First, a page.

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I'll be in Curacao in February, and was looking for some advice for shore diving. I'll be a solo diver, and was hoping to find partners to buddy up with. Is that best handled through a dive shop? I'll be staying at the Marriott Feb 15th-24th if anyone would like to meet up.
carib_traveler is spot-on about the Marriott and The Dive Bus. In addition to being a fine hotel, the Marriott is a good base for diving operations. And Suzy at the Dive Bus is setting up a web site for locals looking for dive partners. If you write her and propose it, she might set up a bulletin board specifically for vacationers looking for buddies. Itís worth a shot.
You might also find The Dive Busís services to your liking. Their shop is on the beach adjacent to two of the islandís best dive sites and they run trips to many of the islandís best shore-divable sites. Plus they run north side trips through the only boat operator who works that side of the island. Diving with them likely will put you in contact with other vacationers who also are interested in shore diving.
The Marriott also is about a five minute walk from Hookís Diving, which runs regular guided shore dives; some locally and others around the Willemstad area by van. In fact, when the current is right thereís a nice drift dive from the Marriott down to Hookís.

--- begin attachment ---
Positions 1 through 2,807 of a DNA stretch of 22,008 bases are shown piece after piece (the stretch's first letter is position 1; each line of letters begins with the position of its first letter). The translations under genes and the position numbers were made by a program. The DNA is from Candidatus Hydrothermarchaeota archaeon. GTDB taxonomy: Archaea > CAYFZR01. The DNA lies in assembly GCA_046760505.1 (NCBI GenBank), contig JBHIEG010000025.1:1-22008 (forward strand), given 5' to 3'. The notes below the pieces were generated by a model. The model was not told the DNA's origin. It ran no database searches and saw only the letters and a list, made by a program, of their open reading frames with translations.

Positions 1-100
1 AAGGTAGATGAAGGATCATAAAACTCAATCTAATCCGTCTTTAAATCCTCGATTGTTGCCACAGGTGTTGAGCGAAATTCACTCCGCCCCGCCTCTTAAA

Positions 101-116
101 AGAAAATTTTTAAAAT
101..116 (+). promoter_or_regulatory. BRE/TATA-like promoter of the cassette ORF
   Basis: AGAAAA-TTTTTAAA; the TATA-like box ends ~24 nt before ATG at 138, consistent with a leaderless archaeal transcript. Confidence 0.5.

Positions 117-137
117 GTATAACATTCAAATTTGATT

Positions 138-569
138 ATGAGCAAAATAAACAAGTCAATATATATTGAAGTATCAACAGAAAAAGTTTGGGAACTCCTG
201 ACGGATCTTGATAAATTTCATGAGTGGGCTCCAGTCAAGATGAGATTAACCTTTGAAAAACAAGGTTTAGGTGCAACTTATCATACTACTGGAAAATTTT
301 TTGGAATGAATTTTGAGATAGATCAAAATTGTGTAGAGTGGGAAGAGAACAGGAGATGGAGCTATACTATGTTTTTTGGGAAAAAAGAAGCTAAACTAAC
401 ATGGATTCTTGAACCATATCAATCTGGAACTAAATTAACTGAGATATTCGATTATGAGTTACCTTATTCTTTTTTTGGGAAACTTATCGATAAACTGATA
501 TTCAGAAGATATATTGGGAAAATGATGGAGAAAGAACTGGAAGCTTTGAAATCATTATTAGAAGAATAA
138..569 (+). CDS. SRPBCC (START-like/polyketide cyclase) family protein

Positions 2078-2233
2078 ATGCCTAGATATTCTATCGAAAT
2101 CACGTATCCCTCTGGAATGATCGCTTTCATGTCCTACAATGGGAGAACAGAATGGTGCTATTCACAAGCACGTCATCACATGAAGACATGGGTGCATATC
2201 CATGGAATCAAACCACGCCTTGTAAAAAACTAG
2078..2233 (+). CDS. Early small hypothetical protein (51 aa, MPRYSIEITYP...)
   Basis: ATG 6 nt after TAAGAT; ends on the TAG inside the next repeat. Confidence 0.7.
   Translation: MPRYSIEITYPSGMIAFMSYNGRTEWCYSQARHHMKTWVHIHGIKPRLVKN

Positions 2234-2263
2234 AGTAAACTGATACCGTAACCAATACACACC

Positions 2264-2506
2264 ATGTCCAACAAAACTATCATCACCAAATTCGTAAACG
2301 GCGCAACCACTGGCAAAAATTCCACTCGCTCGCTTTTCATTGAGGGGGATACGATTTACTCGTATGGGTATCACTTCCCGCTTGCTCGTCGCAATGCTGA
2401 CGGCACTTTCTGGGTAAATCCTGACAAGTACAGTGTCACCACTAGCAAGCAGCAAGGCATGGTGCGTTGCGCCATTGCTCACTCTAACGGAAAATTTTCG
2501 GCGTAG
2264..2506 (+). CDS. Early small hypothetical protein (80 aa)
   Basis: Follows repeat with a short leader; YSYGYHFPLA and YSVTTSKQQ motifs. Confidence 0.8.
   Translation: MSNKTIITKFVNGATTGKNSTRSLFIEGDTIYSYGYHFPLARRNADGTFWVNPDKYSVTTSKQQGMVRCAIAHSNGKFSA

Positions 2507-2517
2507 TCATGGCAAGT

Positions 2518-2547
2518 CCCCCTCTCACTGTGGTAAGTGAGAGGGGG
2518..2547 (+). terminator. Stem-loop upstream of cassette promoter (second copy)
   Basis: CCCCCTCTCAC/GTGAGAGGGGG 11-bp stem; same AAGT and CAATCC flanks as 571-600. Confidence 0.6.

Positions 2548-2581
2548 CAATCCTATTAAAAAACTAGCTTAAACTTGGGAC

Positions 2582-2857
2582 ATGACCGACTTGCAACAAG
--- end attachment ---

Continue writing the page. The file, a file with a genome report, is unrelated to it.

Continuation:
The island is not difficult to navigate if you have a decent map. Regardless, Willemstad is a PITA because most of the streets have no signs identifying them, and the Antilleans drive like schizos on crank. Most of the rural roads are distinctive enough that you can compare them to the map and find your way. There are commercial beaches at Blue Bay, Cas Abou, Porto Mari and others, which makes them all the easier to find.
Iíve just come from four days diving on Bonaire and I live on Curacao so I feel qualified to state unequivocally that Curacao is not the shore diving haven that Bonaire is. Nonetheless, it has more than a few exceptional dives that are shore-accessible and, if youíre partial to shore diving, itís well worth the trip.
Iíve not yet dived all the sites The Dive Bus visits so Iíll only comment on those I know personally. And Iíve only been diving here part-time for about three months. Mark and Suzy have been diving the same waters pretty much daily for my piddling few months plus another four years. Just between us, Iíd put more stock in their choices than my own. That said, hereís my favorites:
Both the reefs that are out The Dive Busís back door are great dives, and they share the easiest entry on the island. I especially like Car Pile, which is Ė- as the name implies -- nothing more than a bunch of junked cars and construction equipment. Like many reefs on the island that have been ravaged by storms or careless construction, Car Pile exemplifies how remarkably resilient the marine wildlife here is. All those artificial nooks and crannies give shelter to an amazingly diverse collection of creatures.
Tugboat is a great dive thatís on the ďfavoritesĒ list of just about every local diver I know. Iíve done it in both daylight and dark and itís on my top 10 list both ways. Plus, Iím an octopus junkie and I manage to find them there regardless of the time of day.